Behold the lamb of God! Studying John 1:29-34

John the Baptist came to point to Christ, to witness to Christ, to be the bridge between BC and AD. 

We see him speak in John 1:29:: The next day he saw Jesus coming toward him, and said, “Behold, the Lamb of God, who takes away the sin of the world!

I will note that it’s very possible that John himself did not realize the full magnitude of what he was even saying when he uttered those words. But it’s impossible for a Christian to miss the meaning of those words. 

Behold, John commands. Look to Jesus. Look upon the lamb who takes away the sins of the world. A profound theological statement about Jesus and what he did. Jesus is the perfect and spotless lamb who is sacrificed for sins. It’s a theme that we will see throughout John’s Gospel. 

Many of the Old Testament sacrifices call for a lamb. Isaiah 53 has a passage of the suffering servant and talks of a perfect lamb being led to slaughter. There’s the Passover sacrifice where the Israelites scarified lambs before the Exodus and where it was an annual holy day. 

And here Jesus is called the Lamb of God. The ultimate and greater sacrifice. 

He’s the lamb who takes away the sins of the world. 

It’s not that sin is just written off or no longer matters. Just the opposite. Sin matters a great deal but it is Jesus who takes away sin, takes away the penalty for our sins. 

He takes away the sins of the world. That’s not saying that he takes away the sins of every individual person. John talks about “the world” several times in his gospel and other writings. It is Jesus who bears the penalty for a fallen humanity and for everyone who believes in him. 

John points to Jesus. John 1:30 says: This is he of whom I said, ‘After me comes a man who ranks before me, because he was before me.

This is similar to John 1:15. There John said: ‘He who comes after me ranks before me, because he was before me.’ 

And what John is doing is looking back at his early prophesy, as pointing to one who was greater than him and he sees Jesus, and he says “this is that man.” 

John gets at his specific purpose in 1:31:  I myself did not know him, but for this purpose I came baptizing with water, that he might be revealed to Israel.”

Where John says he did not know Jesus, don’t get too caught up in that. The point isn’t that John the Baptist literally did not know Jesus but that he did not previously known Jesus for who he was: the promised messiah. 

John was called to baptize so that the savior of the world would be revealed. That’s not primary about John, it’s about the Lord and the divine plan. 

John’s call to repentance, John as the voice of one in the wilderness, John as a witness to Jesus, all of this was part of the divine plan for John’s ministry and purpose in the world as the forerunner to Jesus.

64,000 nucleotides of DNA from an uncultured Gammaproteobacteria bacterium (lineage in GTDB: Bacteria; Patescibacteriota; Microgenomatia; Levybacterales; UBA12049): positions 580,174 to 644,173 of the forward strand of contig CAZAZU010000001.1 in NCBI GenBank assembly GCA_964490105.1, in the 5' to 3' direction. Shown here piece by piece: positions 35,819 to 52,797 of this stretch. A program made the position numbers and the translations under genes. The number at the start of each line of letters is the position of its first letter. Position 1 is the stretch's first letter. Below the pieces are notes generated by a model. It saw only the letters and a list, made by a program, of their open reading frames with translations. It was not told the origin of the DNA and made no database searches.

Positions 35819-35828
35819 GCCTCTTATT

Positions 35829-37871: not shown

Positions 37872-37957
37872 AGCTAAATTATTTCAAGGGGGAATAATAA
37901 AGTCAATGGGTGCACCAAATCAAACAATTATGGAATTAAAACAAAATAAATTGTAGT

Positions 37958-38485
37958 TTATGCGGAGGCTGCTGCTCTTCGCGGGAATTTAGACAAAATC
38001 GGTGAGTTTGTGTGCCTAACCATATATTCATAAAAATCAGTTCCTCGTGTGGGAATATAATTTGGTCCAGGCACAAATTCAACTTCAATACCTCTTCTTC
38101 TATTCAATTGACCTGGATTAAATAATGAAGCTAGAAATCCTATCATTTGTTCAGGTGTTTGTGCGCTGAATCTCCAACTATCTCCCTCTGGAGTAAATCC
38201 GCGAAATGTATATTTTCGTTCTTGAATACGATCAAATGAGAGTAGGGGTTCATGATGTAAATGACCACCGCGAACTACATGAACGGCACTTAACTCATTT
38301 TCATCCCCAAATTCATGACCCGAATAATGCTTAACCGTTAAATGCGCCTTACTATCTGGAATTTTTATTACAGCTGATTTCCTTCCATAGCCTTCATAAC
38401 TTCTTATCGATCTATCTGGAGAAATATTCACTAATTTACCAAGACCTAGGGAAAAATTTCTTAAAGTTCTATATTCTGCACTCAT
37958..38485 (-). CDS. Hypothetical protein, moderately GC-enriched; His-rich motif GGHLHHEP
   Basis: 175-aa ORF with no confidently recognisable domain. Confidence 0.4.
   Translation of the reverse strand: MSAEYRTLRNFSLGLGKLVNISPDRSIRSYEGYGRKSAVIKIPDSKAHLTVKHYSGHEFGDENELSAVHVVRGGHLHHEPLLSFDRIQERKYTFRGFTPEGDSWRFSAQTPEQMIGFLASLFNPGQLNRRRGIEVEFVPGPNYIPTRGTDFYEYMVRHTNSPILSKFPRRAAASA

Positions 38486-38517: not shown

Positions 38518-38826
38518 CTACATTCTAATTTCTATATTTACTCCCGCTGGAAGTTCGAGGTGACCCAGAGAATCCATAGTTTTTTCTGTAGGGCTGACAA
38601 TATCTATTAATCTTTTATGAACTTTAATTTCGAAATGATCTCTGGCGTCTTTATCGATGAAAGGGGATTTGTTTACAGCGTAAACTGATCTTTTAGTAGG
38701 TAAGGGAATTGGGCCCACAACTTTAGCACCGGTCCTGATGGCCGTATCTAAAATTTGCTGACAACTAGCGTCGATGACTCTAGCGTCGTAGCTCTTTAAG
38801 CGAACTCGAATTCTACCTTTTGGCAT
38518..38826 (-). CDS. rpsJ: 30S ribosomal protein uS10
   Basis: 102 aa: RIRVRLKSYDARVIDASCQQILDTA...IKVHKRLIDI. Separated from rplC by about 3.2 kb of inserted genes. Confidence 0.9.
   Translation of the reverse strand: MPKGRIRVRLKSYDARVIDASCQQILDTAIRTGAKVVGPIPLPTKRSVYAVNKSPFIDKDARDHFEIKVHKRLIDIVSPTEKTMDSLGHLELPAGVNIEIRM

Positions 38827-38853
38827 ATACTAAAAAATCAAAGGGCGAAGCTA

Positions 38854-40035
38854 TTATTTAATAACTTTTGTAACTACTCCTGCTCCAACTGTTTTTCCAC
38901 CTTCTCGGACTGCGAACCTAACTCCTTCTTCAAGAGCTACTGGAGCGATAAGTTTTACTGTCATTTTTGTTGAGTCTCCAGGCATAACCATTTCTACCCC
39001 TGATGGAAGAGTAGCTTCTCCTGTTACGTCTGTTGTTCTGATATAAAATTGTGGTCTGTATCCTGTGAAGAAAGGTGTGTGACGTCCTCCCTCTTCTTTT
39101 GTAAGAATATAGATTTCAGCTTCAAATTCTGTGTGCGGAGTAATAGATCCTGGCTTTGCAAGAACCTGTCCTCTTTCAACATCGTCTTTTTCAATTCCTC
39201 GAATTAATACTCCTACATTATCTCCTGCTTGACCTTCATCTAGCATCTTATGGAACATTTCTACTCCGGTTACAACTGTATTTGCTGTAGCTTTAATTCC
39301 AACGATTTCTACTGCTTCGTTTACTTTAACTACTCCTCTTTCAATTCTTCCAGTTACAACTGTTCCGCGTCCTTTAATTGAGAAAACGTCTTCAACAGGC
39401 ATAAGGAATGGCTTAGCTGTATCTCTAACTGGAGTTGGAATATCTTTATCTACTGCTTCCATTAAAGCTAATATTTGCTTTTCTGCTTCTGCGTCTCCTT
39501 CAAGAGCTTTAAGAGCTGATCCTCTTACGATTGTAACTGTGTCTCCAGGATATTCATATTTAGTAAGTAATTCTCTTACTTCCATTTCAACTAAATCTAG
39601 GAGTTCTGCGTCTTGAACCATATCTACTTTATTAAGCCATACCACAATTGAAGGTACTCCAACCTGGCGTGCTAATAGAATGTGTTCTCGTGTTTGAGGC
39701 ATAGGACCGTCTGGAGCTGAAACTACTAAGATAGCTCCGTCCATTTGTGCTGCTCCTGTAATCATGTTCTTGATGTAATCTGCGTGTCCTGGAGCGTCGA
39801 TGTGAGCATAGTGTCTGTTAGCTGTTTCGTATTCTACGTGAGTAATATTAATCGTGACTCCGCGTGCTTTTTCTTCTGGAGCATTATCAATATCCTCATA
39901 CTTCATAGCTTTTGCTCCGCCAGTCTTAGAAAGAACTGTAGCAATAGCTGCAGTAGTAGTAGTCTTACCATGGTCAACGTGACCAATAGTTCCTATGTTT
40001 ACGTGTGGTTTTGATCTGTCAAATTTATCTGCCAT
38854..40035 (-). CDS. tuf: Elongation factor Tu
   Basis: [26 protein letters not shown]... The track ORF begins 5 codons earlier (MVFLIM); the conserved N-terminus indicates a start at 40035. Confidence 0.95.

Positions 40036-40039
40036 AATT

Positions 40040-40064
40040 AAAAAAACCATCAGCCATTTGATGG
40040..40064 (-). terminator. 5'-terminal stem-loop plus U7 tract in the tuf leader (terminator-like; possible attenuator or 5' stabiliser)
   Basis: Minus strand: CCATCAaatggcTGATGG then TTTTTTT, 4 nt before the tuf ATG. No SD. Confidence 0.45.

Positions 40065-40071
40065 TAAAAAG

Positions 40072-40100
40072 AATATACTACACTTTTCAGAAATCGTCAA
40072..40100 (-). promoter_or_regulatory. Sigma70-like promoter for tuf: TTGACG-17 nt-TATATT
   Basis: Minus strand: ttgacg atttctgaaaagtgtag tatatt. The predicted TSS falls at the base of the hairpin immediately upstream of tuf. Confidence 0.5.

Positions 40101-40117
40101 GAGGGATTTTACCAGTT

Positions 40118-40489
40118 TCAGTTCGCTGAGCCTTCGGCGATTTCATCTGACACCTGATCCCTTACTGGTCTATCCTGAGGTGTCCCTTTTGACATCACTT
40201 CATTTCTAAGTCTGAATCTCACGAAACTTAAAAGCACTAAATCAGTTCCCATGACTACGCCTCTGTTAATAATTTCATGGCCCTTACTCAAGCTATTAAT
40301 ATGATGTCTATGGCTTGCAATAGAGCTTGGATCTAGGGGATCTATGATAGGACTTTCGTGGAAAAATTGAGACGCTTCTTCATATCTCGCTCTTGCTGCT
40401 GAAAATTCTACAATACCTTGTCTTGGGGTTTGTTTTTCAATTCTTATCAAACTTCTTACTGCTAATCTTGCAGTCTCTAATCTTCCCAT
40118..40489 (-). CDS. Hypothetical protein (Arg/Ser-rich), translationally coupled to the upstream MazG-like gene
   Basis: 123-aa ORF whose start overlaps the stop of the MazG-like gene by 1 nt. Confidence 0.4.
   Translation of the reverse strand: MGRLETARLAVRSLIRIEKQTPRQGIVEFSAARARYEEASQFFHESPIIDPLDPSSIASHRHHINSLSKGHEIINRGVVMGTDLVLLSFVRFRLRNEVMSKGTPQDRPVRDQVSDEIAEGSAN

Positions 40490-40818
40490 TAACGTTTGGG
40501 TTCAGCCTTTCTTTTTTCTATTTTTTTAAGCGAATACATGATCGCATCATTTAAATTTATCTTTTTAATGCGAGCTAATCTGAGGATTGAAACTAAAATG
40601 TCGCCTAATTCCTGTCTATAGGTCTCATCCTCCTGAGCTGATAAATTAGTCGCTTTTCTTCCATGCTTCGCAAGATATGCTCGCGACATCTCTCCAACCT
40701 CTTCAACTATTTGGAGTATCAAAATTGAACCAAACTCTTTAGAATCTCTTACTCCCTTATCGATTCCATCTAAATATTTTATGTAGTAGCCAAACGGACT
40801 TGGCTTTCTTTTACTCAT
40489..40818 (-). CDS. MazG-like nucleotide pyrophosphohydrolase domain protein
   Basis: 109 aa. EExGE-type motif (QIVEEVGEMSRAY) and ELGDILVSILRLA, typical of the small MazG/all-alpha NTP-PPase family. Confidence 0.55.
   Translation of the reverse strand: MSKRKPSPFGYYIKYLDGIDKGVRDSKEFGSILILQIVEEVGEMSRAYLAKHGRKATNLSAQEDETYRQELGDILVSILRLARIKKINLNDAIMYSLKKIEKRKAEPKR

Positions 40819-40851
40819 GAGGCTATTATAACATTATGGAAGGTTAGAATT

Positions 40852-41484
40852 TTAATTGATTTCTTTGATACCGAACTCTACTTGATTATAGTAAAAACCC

It’s not that John was causing the Lord to be revealed to the world. But that his ministry would be used by the Lord. 

Verse 32: And John bore witness: “I saw the Spirit descend from heaven like a dove, and it remained on him. 33 I myself did not know him, but he who sent me to baptize with water said to me, ‘He on whom you see the Spirit descend and remain, this is he who baptizes with the Holy Spirit.’ 34 And I have seen and have borne witness that this is the Son of God.”

This is referring to when Jesus was baptized. 

The other three gospels record that John baptized Jesus. That specific event is not mentioned in this gospel. As the Gospel of John was written later, perhaps it was assumed that readers would be aware of this. 

All four gospels agree that John was a witness to the Holy Spirit descending on Jesus. John sees this moment. He’s a witness to the Spirit descending upon Jesus. And John says in the text that He on whom you see the Spirit descend and remain, this is he who baptizes with the Holy Spirit.’

In John chapters 14-16, Jesus will talk of the Spirit being given to his believers. The same Spirit who filled Jesus during his ministry is given to all people because of Jesus’ ministry. The Spirit equips us with gifts, convicts us of sin, sanctifies us to God. 

Romans 8:16 says that the Spirit bears witness that we are children of God. 

The Spirit bears witness to those who believe. The one who is least in the kingdom of God is greater than John the Baptist. Because we’re blessed to have more of the story. 

We have the risen lamb. And is Spirit in which eh baptizes all who believe in him. Believe in the lamb. Turn away from sin. Point others to him. 

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